“Ah! it is but a little thing, death!” Not so little, Emma, but something that great writers of every generation have discussed and described at length, parsing and probing at the idea of death in all its many forms. For us, of all deaths in literature, suicides are often the most affecting, whether there is precise internal monologue or abject mystery surrounding the character’s intentions. Of course, we definitely do not endorse suicide in the real world, but in fiction, suicides can be beautiful, strange, and unbearably affecting, which are all things we love in literature. Many of the best works of literature include this kind of particular death, and so we scoured our shelves for the most notable suicides, choosing them based on the beauty of the prose, the strangeness of the circumstances, or the singular mindset of the character. Click through to see our list of ten spectacular suicides in literature, and let us know which of your favorites we’ve missed in the comments! … Read More

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Burning Books: The Hottest Scenes in Literature

No, not like that. We’re talking about actual, blazing, burning heat, which shouldn’t be that surprising, because if you’ve been on the East coast for the past few days, you probably haven’t been able to talk — or think — about much else. This past Friday, the heat in New York City was measured at the highest its been since 1977 (and only two degrees lower than the all-time record), hitting 104 degrees at the hottest part of the day. This weekend hasn’t been much better, and Americans all over the country are suffering from absurd temperatures and growing addictions to air conditioning. So to celebrate the hottest part of the summer, or maybe just to find a little commiseration in prose, we’ve collected some of the hottest scenes in literature, from Dante exploring the fiery pits of hell to Gatsby and Tom sweating bullets in their white linen shirts. Click through to see our list, and let us know which of your favorite sweaty scenes we’ve missed in the comments! … Read More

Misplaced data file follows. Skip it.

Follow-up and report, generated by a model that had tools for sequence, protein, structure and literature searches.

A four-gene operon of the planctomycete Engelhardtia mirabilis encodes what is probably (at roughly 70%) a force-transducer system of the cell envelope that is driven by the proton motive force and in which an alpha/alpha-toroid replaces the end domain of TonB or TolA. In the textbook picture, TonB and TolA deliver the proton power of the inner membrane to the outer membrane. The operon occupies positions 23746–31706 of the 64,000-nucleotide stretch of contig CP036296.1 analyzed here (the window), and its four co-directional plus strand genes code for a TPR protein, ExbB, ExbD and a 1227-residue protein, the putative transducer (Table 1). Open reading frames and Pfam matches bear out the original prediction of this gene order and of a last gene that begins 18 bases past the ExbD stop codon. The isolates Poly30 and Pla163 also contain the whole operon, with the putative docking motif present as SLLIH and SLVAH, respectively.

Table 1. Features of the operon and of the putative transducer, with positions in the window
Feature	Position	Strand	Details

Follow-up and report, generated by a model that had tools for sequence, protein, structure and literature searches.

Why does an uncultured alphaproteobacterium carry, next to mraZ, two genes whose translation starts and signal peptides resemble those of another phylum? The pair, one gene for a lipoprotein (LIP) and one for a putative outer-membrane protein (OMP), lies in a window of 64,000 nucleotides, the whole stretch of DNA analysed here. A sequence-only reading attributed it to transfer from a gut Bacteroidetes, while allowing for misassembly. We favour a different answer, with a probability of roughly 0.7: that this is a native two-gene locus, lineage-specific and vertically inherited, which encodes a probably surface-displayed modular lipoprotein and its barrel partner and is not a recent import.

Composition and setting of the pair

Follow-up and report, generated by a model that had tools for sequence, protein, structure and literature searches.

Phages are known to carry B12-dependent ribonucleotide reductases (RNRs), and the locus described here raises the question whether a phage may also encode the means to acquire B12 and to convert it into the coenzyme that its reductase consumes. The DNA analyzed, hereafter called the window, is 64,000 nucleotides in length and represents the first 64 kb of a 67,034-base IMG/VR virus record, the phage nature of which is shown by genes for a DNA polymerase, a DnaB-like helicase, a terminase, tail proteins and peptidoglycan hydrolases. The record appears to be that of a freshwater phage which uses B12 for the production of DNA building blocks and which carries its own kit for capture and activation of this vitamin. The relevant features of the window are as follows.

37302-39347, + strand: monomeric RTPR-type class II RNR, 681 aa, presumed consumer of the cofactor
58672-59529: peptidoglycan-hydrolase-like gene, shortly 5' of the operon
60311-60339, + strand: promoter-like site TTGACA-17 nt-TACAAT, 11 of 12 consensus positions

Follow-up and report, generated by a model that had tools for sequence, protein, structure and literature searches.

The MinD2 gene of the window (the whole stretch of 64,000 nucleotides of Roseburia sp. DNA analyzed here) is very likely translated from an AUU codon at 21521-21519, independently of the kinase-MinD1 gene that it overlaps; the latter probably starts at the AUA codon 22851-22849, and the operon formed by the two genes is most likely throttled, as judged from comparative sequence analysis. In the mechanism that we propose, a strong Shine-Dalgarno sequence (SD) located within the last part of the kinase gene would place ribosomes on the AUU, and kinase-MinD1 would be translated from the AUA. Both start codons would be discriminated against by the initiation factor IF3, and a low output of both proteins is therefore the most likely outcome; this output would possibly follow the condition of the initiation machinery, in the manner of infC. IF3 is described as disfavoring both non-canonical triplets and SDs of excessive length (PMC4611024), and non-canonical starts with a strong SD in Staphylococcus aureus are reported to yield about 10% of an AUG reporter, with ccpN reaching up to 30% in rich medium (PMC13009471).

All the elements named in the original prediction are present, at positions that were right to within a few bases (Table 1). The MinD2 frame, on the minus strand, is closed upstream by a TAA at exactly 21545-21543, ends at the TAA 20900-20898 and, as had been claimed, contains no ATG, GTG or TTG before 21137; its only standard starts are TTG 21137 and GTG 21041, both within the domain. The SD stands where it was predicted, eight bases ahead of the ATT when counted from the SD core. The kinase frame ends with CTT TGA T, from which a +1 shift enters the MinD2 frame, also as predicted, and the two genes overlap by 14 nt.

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Gallery: 'Tiny Confessions' from Shakespeare, Frankenstein and Pets

Your dog doesn’t enjoy being compared to an Ewok. Your pug would like to have you on a leash. And your cat? Sorry, buddy, but she isn’t a nervous wreck like you. These are only a few of the revelations in Christopher Rozzi’s Tiny Confessions, a delightful series that expose the little secret your pets — along with Shakespeare, Frankenstein, fortune cookies, etc. — are keeping from you. Click through after the jump for a selection of our favorites, and visit Rozzi’s Etsy shop to see more images and pick up an affordable print or 20. Seriously, snap yours up before we buy him out. … Read More

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Appreciate Shakespeare Through '90s Teen Movies